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The term "ACVS Diplomate" refers to a veterinarian who has been board certified in veterinary surgery.

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Ectopic Ureter

The term "ACVS Diplomate" refers to a veterinarian who has been board certified in veterinary surgery. Only veterinarians who have successfully completed the certification requirements of the ACVS are Diplomates of the American College of Veterinary Surgeons and have earned the right to be called specialists in veterinary surgery.

Your ACVS board-certified veterinary surgeon completed a three-year residency program, met specific training and caseload requirements, performed research and had research published. This process was supervised by ACVS Diplomates, ensuring consistency in training and adherence to high standards. After completing the residency program, the individual passed a rigorous examination. Only then did your veterinary surgeon earn the title of ACVS Diplomate.


An ectopic ureter is an abnormality of the ureter (the tubular tissue that connects the kidney to the urinary bladder) where the ureter does not enter into the urinary bladder in the correct anatomic position.  This abnormality is something that cats and dogs are born with and can affect one or both of the ureters.  The ectopic ureter may tunnel within the bladder tissue before opening in an abnormal location (intramural) or may implant into an abnormal area without tunneling (extramural).  Additional congenital abnormalities of the kidneys and urinary tract can also be observed.  

Signs and Symptoms: 

Symptoms of an ectopic ureter can occur as a young puppy or kitten or sometimes as a young adult.  Female dogs are known to be 20X more likely to be diagnosed with ectopic ureters with certain breeds being more commonly affected including Golden and Labrador retrievers, Skye Terriers, etc. Symptoms can include:

  • Continuous or intermittent urinary incontinence (leakage) or urinary accidents
  • Difficulty potty training
  • Urine leakage when laying down and/or sleeping
  • Dribbling urine
  • Recurrent UTIs

Your veterinarian may suspect ectopic ureters based on age, breed, and history. A full work up is recommended to rule out other causes of symptoms. This will likely include bloodwork to include complete blood count, chemistry panel, urine analysis and culture. Survey radiographs (x-rays) can be used to screen for stones or other abdominal abnormalities. An abdominal ultrasound can also screen for stones or bladder issues. In some cases, ectopic ureters can be seen on ultrasound. Advanced imaging is often required for a definitive diagnosis of ectopic ureters. This involves using intravenous dye with radiographs (Figure 1) or a computed tomography (CT) scan (Figure 2) to highlight the urinary tract and trace where the ureters are implanting. An endoscopic exam via vaginourethrograpy with cystoscopy is where a camera is introduced into the vagina, urethra and urinary bladder to evaluate the distal ureteral openings. Figure 3b Certain types of ectopic ureters may also be treated at the same time with this technique.

  • Bloodwork: complete blood count, chemistry panel, urine analysis and culture

  • Radiographs (x-rays) with contrast (special dye) given IV to help highlight the kidney and urinary tract.  (Figure 1)

  • Ultrasound to assess for anatomic abnormalities and to evaluate for any abnormal urine flow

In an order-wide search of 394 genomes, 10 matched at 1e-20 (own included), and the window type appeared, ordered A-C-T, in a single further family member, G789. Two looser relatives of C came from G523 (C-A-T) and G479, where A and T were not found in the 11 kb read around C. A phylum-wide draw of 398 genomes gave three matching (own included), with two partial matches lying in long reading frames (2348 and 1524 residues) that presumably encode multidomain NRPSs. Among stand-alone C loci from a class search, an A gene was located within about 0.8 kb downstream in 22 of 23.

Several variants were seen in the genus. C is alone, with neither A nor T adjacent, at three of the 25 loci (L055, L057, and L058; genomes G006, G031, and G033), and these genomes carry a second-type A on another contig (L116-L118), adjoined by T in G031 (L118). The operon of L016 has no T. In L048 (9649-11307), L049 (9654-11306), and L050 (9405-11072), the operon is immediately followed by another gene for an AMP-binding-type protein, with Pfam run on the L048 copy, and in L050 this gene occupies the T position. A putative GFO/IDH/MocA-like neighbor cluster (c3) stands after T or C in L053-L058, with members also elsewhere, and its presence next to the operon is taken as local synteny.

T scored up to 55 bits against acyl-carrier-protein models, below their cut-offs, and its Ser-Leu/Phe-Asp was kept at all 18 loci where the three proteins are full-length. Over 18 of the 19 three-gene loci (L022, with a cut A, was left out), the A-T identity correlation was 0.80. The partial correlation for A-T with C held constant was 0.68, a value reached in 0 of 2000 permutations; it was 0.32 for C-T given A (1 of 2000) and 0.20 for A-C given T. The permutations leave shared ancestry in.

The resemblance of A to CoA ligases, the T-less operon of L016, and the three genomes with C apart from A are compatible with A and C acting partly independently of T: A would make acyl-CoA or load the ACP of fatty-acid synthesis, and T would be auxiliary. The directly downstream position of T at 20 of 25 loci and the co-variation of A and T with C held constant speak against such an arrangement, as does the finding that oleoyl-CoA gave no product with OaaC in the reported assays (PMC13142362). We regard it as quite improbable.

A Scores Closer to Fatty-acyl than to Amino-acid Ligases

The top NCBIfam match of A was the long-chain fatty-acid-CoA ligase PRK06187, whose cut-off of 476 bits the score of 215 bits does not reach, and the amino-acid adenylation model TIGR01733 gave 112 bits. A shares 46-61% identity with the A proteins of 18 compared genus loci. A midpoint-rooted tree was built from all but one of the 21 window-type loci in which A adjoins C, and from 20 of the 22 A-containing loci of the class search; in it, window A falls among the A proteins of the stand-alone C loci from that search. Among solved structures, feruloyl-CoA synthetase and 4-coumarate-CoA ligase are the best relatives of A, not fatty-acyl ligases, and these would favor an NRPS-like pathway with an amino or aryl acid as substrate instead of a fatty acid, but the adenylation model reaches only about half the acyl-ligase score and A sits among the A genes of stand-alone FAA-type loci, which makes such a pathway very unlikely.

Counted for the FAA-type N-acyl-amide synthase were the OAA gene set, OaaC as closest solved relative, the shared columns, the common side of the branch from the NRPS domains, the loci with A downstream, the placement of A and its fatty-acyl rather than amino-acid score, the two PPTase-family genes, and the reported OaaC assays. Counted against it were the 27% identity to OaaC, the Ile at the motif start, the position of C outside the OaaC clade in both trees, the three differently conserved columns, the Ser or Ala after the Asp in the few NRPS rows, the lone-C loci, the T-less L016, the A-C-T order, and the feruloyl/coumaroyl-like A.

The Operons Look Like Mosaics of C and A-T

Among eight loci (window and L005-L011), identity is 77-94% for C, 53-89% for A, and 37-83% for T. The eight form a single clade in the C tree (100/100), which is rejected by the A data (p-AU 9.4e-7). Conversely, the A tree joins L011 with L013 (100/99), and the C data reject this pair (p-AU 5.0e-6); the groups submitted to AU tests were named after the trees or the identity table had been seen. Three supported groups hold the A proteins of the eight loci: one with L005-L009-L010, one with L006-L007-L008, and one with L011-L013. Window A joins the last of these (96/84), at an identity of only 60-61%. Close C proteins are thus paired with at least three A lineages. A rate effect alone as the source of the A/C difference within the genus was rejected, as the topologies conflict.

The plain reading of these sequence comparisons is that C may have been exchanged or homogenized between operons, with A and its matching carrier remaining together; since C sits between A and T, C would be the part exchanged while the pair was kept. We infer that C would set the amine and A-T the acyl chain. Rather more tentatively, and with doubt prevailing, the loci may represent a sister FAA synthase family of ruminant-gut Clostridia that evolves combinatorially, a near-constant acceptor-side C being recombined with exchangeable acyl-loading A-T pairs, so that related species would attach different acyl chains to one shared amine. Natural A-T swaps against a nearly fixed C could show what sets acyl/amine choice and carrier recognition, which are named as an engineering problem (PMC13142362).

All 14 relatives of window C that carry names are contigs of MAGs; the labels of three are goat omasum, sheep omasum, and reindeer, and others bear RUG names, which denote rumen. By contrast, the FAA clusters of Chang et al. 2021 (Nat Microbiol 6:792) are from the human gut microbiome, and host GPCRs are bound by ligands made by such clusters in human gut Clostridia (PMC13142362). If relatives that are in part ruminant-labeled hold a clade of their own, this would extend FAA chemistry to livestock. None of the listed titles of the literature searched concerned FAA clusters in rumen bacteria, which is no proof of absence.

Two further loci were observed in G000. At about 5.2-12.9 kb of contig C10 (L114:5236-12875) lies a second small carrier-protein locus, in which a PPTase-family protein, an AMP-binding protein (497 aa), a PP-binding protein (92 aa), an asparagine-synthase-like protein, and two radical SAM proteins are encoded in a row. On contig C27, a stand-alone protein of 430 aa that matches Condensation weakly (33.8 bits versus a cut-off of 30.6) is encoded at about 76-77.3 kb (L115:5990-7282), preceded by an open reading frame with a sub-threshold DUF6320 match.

• Computed tomography (CT) with contrast to evaluate the urinary tract. (Figure 2)

  • Vaginourethrograpy with cystoscopy: a camera introduced into the vagina, urethra and urinary bladder to evaluate the distal ureteral openings. (Figure 3b)



Figures 1–3b


Depending on the type of ectopic ureters, treatment options can vary.  Surgical options for intramural ectopic ureters may include surgical removal of abnormal tissue using an open surgical approach to the bladder.  An alternative minimally invasive technique employs the use of LASER equipment under video guidance to open the abnormal portion of the ureter back to its preferred location.  For ectopic ureters presumed to be extramural, the recommended technique involves cutting the ureter from its abnormal location and making a new opening at a more proper location and re-attaching it to the urinary bladder.      

Aftercare and Outcome: 

Aftercare of these patients is dependent on the approach for treatment. If an open approach to the abdomen is performed then 2 weeks of activity restriction with incisional care is advised. If a minimally invasive approach using cystoscopy is performed then patients may return to normal activity much faster.  Follow up serial urinalysis and cultures are advised 

The main post-operative risks include continued incontinence, leakage of urine into the abdomen, stricture of the surgical site, and urinary tract infection. In some cases of continual incontinence further improvement may be achieved with incorporation of medications to help with urethral sphincter tone and/or the placement of an adjustable artificial urethral sphincter. Male patients with urinary incontinence secondary to ectopic ureters can have a higher success rates (70-80%) than females following surgical intervention. Unfortunately, even with surgical intervention and medical management 25-70% of female patients may still have persistent urinary incontinence.  

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Ectopic Ureter

This Animal Health Topic was written by and reviewed by Diplomates of the American College of Veterinary Surgeons.  Any opinions stated in this article are not necessarily the official position of the American College of Veterinary Surgeons.

The American College of Veterinary Surgeons recommends contacting an ACVS board-certified veterinary surgeon or your general veterinarian for more information about this topic.

To find an ACVS Diplomate, visit www.acvs.org/find-a-surgeon.